Skip to content

Gorham Township gravel pit plan rattles residents (3 Photos)

The Local Planning Appeal Tribunal will hold a hearing.

THUNDER BAY — A Thunder Bay company and a group of homeowners opposing its Gorham Township gravel pit will present their arguments this spring to Ontario's Local Planning Appeal Tribunal.

Nadin Construction wants a licence for a quarry near the intersection of Copenhagen Road and Compressor Station Road, on the boundary between Gorham and the Municipality of Shuniah.

Residents say the operation would constitute an incompatible land use.

Shuniah also has concerns but is working with the company to resolve them.

The company says it has satisfied the Ministry of Natural Resources and Forestry's licensing requirements.

However, because residents' concerns are unresolved, the MNRF referred the application to the province's Local Planning Appeal Tribunal.

The tribunal has scheduled a four-day oral hearing in May.

Dan Nicholas, who speaks for the homeowners, says Nadin's plans appear to have changed significantly since they were first outlined a number of years ago.

"It was presented as a much smaller, lower-scale operation. Today it's completely different. Unlimited extraction, more or less. Rock crushing whenever, whatever suits their needs within the hours of 7:00 a.m. to 7:00 p.m. five days a week," Nicholas told Tbnewswatch. 

Norm Nadin, co-owner of Nadin Contracting, said the company has extracted gravel from the pit in the past. The current plan, Nadin said, is to remove up to 60 truckloads daily, six months out of the year.

The pit is permitted under zoning approved by the Lakehead Rural Planning Board.

Nadin said that since the MNRF's guidelines have all been met, the onus is on the objectors to explain why the licence shouldn't be granted.

"We have all the documentation from an engineering company, environmentalists and everything. We did all the studies.  So basically, they don't want us running on the local roads with trucks," he said.

Nadin added that this is an example of the challenges businesses face in the Thunder Bay area in expanding their operations.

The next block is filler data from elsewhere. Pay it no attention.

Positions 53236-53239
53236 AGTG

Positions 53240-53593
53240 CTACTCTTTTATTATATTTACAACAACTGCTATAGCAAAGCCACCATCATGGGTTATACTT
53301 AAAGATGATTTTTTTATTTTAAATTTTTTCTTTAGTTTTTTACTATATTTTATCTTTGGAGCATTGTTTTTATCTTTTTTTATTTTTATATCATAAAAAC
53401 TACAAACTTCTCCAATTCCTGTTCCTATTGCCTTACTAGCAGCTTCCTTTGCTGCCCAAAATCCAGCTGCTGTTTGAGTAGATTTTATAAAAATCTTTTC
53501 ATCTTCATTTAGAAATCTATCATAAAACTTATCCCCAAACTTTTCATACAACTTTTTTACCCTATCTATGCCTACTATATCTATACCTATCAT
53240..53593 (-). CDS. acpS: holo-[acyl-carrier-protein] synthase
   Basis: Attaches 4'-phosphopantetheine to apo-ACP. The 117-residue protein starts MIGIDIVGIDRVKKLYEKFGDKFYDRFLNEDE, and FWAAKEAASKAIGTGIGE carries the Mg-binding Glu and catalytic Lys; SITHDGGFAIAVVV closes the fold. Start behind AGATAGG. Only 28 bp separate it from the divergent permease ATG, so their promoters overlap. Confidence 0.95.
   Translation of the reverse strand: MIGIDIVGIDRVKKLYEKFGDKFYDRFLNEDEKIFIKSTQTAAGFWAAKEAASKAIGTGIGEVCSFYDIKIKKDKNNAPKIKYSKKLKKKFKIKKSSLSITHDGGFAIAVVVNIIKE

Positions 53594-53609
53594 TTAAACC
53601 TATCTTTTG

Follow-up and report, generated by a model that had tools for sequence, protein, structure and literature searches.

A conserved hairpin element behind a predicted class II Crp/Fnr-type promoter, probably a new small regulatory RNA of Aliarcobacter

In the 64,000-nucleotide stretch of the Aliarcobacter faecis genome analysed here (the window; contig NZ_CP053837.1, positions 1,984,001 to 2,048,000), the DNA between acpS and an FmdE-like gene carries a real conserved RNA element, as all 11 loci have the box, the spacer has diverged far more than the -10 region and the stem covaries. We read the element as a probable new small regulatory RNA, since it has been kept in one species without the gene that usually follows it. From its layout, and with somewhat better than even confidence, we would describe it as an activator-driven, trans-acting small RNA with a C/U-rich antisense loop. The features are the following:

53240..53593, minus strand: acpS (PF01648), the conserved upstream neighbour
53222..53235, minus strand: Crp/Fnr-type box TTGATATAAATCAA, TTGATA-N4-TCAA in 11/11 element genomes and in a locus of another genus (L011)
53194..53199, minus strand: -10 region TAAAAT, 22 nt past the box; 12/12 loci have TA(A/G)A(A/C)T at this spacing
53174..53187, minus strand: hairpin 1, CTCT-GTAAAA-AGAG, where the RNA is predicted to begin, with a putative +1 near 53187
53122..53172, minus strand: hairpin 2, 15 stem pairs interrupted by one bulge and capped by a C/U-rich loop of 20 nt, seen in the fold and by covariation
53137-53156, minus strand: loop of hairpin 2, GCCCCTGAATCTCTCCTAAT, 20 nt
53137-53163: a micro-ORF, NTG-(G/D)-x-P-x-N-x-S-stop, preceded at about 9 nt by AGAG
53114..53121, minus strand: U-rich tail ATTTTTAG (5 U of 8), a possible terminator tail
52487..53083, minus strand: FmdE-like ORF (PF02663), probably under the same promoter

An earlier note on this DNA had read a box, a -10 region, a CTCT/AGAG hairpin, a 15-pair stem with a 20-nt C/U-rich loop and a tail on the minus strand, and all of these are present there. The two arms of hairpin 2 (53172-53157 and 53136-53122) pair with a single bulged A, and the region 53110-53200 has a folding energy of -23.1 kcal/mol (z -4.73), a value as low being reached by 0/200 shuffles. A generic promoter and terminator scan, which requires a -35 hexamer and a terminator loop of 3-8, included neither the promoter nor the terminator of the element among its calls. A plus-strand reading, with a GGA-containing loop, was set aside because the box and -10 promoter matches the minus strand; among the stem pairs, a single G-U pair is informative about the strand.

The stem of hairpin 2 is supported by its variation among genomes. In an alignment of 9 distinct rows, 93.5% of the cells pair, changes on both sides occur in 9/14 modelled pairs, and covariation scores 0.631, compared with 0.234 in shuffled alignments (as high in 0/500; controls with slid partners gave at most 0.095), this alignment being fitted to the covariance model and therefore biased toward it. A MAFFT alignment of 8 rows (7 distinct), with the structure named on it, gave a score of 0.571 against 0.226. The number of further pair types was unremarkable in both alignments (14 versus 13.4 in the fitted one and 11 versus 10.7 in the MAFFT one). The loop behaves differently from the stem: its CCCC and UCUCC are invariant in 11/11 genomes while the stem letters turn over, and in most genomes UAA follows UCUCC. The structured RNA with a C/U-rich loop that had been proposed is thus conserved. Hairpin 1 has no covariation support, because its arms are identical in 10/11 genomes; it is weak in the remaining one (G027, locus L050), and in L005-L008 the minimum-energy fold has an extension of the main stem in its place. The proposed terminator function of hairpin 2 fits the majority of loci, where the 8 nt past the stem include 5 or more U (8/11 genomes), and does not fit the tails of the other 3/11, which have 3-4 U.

"It's always been an issue for growth in this city, trying to keep everybody happy."

Residents feel the regulatory process favours business over quality of life

Nicholas, however, feels the regulatory process is weighted in favour of pit operators over the interests of the general public.

"It's taken about two years, three years of our time, and now we're having to spend money when there should be, I think, a more fair process and one that's geared toward protecting residents' quality of life," he said. 

Nicholas expressed frustration with the fact that new gravel pits can still be opened even though the Thunder Bay area, he believes, already has about 190 quarries.

He said opponents aren't allowed to use the argument that "hey, we don't need this pit." 

Nicholas also maintains that the rural road network Nadin's trucks will use is not suitable for heavy hauling.

In addition to noise and dust pollution, he said, the operation would present an unacceptable safety risk to people living along the haul route.

Rather than using Kivilahti, North Branch and Copenhagen Roads, residents want Nadin's trucks to take a little-used bush road to Highway 527. 

Norm Nadin said that's not practical at all, as it's on Crown land and disconnected from the gravel pit due to topography including wetlands.

Although Copenhagen is already a designated haul route, the company has offered to use Compressor Station Road to Highway 527. 

The Municipality of Shuniah, which is a party to the tribunal hearing, is currently in discussions with Nadin about that.

Copenhagen does not have a load restriction but Compressor Station is restricted to maximum loads of 6,000 kilograms.

Shuniah CAO Paul Greenwood said the municipality is discussing various options with Nadin that could alleviate community concerns about traffic, pollution, noise and vibration along the haul route.

These include using an annual or seasonal municipal heavy load permit for Compressor Station Road, restrictions on hours of operation, the alternate use of Copenhagen and Compressor Station for hauling, and setting a limit on the amount of aggregate extracted annually through the MNRF licensing process.

Gary Rinne

About the Author: Gary Rinne

Born and raised in Thunder Bay, Gary started part-time at Tbnewswatch in 2016 after retiring from the CBC
Read more


push icon
Be the first to read breaking stories. Enable push notifications on your device. Disable anytime.
No thanks